Wednesday, May 30, 2012


I watched this lovely video on ABC.  It's about the ugliness that goes on in politics. It's specifically about Australian politics, but I'm sure you could apply it to the politics of most other countries.

ABC talks about what's going on currently in Parliament, but also uses historical clips to remind us that the past wasn't all smiles and kisses on the cheek.  The difference now is we have immediate communication. The message is the same. But now the nastiness spreads faster. And because it's so easy for all of us to have a published and/or broadcast voice, the nastiness is more prevalent.  

The video also talks about Julia Gillard hatred and the insults she gets. A lot of it relates to her being female.

Sadly lots of folks seem to lack the ability to fight about the issues. They have to go beyond all that and say cruel things about gender, race, weight, appearance, etc.   When it comes to that, in my eyes, the person has lost their argument.  Now they're just being infantile.

As for Gillard, does she have a more difficult time BECAUSE she's female.?   I think to some degree....yes.  But I don't think it's about being female. It's about being the first female. People have certain expectations for her— sometimes lower and sometimes higher.  I think I personally judge Gillard more harshly because she's female.   I expected certain things from a female atheist leader and she didn't deliver. I would probably have felt more lenient towards a male Christian Kevin Rudd.  

In general, though, I think politicians are going to be ridiculed, especially if they have a lot of power and exposure.  Being male wouldn't save Gillard from the nastiness. The public would find another way to ridicule her. If they didn't like her.


Now I'm questioning myself.

I'm thinking of certain people who see an overweight female celebrity they don't like, and say cruel things about her weight.  I often think they have nothing against overweight people in general.   They're just being nasty, because they don't know how to express their grievances in a mature way.   But MAYBE I'm wrong. Maybe they don't like the celebrity BECAUSE she's fat. Maybe if the celebrity was thin, their opinion of the celebrity would be more lenient. Maybe they'd see her as being cute and feisty rather than something very negative.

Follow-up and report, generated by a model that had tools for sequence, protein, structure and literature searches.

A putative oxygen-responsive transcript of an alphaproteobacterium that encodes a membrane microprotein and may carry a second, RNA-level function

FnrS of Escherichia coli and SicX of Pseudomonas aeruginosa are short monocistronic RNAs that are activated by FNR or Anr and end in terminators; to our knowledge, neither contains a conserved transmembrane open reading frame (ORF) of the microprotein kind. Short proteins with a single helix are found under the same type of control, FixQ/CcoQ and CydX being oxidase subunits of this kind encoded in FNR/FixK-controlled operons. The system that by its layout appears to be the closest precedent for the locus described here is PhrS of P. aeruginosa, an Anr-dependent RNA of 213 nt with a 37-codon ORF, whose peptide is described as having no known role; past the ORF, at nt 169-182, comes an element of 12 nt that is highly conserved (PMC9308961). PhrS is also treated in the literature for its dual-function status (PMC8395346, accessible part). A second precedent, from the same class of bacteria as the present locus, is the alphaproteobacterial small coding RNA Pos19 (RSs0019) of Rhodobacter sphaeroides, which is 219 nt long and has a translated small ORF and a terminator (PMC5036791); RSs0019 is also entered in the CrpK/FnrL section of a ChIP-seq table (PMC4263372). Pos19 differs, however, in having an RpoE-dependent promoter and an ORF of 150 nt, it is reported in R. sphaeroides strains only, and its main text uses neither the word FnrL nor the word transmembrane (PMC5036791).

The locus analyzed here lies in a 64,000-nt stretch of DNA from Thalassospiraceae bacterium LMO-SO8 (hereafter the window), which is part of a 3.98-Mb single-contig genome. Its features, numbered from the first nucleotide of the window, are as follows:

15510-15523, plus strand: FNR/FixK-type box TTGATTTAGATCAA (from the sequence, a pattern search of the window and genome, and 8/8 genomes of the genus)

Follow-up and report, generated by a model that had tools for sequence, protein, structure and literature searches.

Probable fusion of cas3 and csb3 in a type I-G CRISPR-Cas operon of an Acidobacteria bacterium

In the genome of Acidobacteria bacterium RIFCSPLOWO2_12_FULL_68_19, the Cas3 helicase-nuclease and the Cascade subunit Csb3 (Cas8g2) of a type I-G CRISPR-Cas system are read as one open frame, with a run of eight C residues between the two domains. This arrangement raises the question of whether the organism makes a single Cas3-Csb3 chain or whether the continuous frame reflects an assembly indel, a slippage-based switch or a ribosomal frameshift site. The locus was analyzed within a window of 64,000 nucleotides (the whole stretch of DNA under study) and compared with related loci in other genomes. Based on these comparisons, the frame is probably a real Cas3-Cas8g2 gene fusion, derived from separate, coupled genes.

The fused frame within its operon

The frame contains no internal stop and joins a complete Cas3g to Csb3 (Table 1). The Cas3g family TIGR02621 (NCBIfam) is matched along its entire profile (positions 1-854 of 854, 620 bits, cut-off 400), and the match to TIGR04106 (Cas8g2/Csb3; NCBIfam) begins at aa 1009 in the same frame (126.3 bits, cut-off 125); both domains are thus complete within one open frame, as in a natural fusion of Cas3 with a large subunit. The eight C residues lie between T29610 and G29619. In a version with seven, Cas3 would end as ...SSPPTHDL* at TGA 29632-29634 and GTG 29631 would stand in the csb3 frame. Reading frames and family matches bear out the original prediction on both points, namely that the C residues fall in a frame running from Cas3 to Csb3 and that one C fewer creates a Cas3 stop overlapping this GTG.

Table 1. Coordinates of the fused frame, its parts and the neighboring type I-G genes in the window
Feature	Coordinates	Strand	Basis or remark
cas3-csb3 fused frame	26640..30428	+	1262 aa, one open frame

It's like with Obama. People are very negative towards him; then claim they're not racist. It has nothing to do with race. I just don't like that he's a Socialist and wants to ruin America.  But I have to wonder if it IS racism, and whether they'd be less bothered by Obama's policies if he was white. 


  1. A very interesting clip, Dina. I think people are seeing more nastiness in parliament and politics because it is nastier. News of the nastiness might be spreading further because of improved communication and social networking, but it IS nonetheless nastier before it is communicated.

    Paul Keating could be very cutting. I vividly remember, just before he lost his last election, telling a radio caller who was asking a fair question "Look, you're an idiot" and moving on to the next caller.

    Many years ago, Lady Nancy Astor said to Churchill "Winston, if you were my husband I'd poison your tea," to which Winston quickly responded "If I were your husband, madam, I should drink it." [or something like that]

    The 'adversarial system' mentioned by Philip Ruddock is a Westminster tradition, but there was a time when the few remarks made that were personal were at least witty.

    When Gough said nothing would save the governor general it was not a death threat. He did not say Kerr was a drunken bum, he was talking about a legal challenge.

    Now we see some truly disgusting, bullying behaviour that is unjustifiable. Just because it is an adversarial system and politicians are expected to speak against IDEAS they don't like, does not mean it has to be so vicious, or be personal. And just because it is traditionally an adversarial system, does not mean it has to be adversarial anyway.

    Yes, people are swiping at Gillard's gender, but I think that's because it's easier to zero in on difference when frustrated. What they say might be sexist but is no necessarily motivated by misogyny.

    So yes, I agree with you Dina. And I agree that politics - at least in Australia - has become personal and vitriolic and disgraceful.

    And yes. People are responding at the level they see in parliament, because people usually deliver what is expected of them.

    We have to be the change we want to see in the world.
    Voters and politicians alike should reach deep inside and find something better in themselves.

  2. Fruitcake: I see your point. I guess there can be a difference between blatant nastiness and biting commentary.

    And yeah. We're all responsible for making a change towards better things.